Responding to sexual harassment starts with handbook

By Kathleen T. Alt and Carrie C. Doyle

Each day seems to bring another public announcement of sexual harassment or sex assault allegations against employees, directors, and officers of companies.  Not only does the accused individual find himself under extreme public scrutiny; the company’s response to the allegations is also typically central to the story, and companies understand that their response will impact their public image.  Given the heightened media scrutiny of companies’ responses to sexual harassment allegations and the general increase that we have seen in these types of allegations, below are some general recommendations for companies faced with sexual harassment allegations against one of their employees.

Make sure your employee handbook provides an adequate mechanism that complies with the law for reporting and investigating sexual harassment allegations.  A company should have an employee handbook that includes its policy on sexual harassment and provides clear mechanisms for employees to report sexual harassment within the company and for the company to respond to the allegations.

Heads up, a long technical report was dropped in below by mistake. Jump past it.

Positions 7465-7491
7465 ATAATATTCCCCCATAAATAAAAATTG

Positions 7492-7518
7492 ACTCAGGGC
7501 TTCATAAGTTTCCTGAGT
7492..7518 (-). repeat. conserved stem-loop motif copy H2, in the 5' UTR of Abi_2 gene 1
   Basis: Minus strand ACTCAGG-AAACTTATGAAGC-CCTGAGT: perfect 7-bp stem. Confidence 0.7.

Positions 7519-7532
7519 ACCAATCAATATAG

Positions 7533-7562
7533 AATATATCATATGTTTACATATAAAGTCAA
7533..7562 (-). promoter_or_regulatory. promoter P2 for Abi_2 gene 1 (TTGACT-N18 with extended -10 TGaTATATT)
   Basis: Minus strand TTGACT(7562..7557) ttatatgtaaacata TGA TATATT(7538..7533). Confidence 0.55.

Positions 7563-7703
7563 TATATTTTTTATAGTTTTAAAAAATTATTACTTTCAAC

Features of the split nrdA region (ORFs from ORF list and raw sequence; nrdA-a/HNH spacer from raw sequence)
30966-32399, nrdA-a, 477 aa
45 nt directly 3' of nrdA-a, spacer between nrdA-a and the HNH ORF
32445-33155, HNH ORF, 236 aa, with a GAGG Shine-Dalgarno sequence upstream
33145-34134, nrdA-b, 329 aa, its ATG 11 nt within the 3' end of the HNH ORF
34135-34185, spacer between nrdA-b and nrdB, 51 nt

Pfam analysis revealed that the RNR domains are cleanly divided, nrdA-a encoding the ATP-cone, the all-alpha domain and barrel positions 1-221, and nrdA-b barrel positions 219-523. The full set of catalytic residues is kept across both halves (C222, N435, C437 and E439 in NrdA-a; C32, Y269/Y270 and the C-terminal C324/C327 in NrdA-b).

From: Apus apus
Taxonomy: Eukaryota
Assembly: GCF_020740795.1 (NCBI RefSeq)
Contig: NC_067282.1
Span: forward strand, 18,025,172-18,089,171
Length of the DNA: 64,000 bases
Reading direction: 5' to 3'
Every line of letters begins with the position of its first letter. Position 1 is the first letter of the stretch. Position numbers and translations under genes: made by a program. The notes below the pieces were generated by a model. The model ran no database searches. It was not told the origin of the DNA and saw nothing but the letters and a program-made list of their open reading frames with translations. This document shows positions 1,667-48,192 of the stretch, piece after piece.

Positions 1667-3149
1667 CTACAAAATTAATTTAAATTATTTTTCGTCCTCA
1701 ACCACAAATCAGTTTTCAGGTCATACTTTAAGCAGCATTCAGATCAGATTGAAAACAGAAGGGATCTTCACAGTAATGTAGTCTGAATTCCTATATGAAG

Comply with the employee handbook.  When an employee or member of the public alleges that he or she has been the victim of sexual harassment by one of your employees, the company should follow the procedures outlined in its employee handbook to investigate and thoroughly and adequately respond to the allegations.